Did you know that one hundred years ago, infectious diseases were the leading cause of death worldwide?
In Canada, they now cause less than five per cent of all deaths – thanks to immunization programs.
Immunization is the most effective way to protect yourself, and your community by preventing the spread of disease. In fact, Immunize Canada predicts that immunization has saved more lives in Canada in the last 50 years than any other health intervention.
Even with substantial research and proven effectiveness on global health issues, many people still have questions about the safety of vaccines. We strongly encourage all Nova Scotians to become educated around vaccine safety and to discuss these questions with your doctor.
Are vaccines safe?
Vaccines used in Canada are safe and effective. They are developed in accordance with the highest standards and are continually monitored for safety and effectiveness. In fact, it takes approximately 10 years of research and development before a vaccine can be considered for approval by Health Canada.
The safety of vaccines is closely monitored by the Public Health Agency of Canada with the assistance of public health officials and individual health care providers.
It’s common for people to question the risks associated with immunization, and these questions should be discussed with your doctor. Some people worry that vaccines can cause health problems, such as autism or sudden infant death syndrome. Expert research committees in Canada, and around the world, have investigated reports of serious effects over many years. They have found no evidence of a link between vaccines and autism or any other illnesses.
How do vaccines work?
Vaccines have had a huge impact on the number of children affected by serious diseases. Most children today are immunized, resulting in a number of vaccine-preventable diseases nearly disappearing. However, these diseases can, and do, come back. For example, consider the outbreak of measles in Toronto in 2008 and mumps in Nova Scotia in 2007.
Vaccines boost the body’s own immune defence system, creating an immunity that protects you from an infection. They are effective in protecting people from diseases that cause severe illness, disability or even death.
The Public Health Agency of Canada explains the process as:
- Most vaccines contain a little bit of a disease germ that is weak or dead. Vaccines do not contain the type of germ that makes you sick. Some vaccines do not contain any germs.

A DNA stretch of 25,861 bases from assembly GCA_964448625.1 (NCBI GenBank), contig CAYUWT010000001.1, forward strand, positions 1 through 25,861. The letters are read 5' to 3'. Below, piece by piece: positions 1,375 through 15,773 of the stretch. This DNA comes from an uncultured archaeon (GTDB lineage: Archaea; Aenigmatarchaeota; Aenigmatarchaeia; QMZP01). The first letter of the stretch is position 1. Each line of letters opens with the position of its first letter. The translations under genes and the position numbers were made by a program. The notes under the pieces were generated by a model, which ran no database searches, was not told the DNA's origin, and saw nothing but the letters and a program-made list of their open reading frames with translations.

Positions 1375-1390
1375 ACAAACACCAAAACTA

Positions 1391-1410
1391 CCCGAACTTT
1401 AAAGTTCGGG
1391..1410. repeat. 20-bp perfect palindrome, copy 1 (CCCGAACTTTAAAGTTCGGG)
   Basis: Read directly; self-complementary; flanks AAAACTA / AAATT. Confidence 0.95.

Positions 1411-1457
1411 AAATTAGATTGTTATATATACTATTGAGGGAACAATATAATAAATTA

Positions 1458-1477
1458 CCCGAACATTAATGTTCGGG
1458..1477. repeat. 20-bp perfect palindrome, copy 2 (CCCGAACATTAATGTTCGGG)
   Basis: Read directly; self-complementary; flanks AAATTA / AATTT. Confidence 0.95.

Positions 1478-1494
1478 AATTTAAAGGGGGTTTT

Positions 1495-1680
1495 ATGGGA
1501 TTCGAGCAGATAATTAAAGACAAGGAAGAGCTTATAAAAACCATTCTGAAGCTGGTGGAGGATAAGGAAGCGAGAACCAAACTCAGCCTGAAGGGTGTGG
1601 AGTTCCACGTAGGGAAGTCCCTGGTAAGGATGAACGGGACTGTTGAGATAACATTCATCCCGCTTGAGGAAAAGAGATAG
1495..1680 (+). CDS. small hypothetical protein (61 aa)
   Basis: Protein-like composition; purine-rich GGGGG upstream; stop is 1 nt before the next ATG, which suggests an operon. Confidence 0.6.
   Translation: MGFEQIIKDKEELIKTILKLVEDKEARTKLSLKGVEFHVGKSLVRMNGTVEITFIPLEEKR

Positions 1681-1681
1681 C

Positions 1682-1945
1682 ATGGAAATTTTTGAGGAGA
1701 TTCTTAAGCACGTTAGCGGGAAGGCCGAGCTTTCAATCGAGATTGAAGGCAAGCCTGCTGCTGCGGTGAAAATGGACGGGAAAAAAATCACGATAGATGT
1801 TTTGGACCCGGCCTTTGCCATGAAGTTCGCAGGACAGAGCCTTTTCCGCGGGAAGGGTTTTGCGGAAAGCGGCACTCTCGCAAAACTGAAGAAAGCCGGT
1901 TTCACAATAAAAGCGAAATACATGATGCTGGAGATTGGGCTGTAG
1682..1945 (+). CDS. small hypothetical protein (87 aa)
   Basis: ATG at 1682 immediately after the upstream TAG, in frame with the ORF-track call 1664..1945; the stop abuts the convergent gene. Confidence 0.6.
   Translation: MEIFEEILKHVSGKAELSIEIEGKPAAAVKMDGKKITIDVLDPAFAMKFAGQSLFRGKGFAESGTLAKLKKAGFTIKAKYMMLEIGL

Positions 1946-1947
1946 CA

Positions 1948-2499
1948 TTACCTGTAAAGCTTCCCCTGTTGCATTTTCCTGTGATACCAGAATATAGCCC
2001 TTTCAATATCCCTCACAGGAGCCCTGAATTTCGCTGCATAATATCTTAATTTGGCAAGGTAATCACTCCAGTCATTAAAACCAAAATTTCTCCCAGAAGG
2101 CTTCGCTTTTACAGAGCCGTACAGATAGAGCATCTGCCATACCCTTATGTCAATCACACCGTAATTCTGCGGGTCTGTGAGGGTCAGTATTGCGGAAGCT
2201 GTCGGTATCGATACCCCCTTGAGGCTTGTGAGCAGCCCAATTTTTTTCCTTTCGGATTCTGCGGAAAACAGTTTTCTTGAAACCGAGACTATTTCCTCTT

- Having this little bit of the germ inside your body makes your body’s defence system build antibodies to fight off this kind of germ. Antibodies help trap and kill germs that could lead to disease.
- Your body can make antibodies in two ways: by getting the disease or by getting the vaccine. Getting the vaccine is a much safer way to make antibodies without having the suffering of the disease itself and the risk of becoming very ill.
- Antibodies stay with you for a long time. They remember how to fight off the germ. If the real germ that causes this disease (not the vaccine) enters your body in the future, your defence system knows how to fight it off.
- Often, your defence system will remember how to fight a germ for the rest of your life. Sometimes, your defence system needs a booster shot to remind it how to fight off this germ.
Are there any risks associated with immunizations?
As with any medical procedure, immunization has some risks. Individuals may react differently to each vaccine. When considering immunization, both the risks and the benefits should be discussed with your doctor. Most vaccine side effects are minor and self-limited, lasting only a few days and not disrupting daily activities. The benefits of immunization outweigh the risks is most cases.
There is a lot of information on the Internet about immunizations. Some of it is helpful, accurate and evidence based, and some of it is speculation. Unfortunately misinformation can lead to a loss of confidence which threatens the continued success of immunization programs. It’s important to be educated on the benefits and risks associated with immunization. To help, we’ve pulled a list of resources for further reading: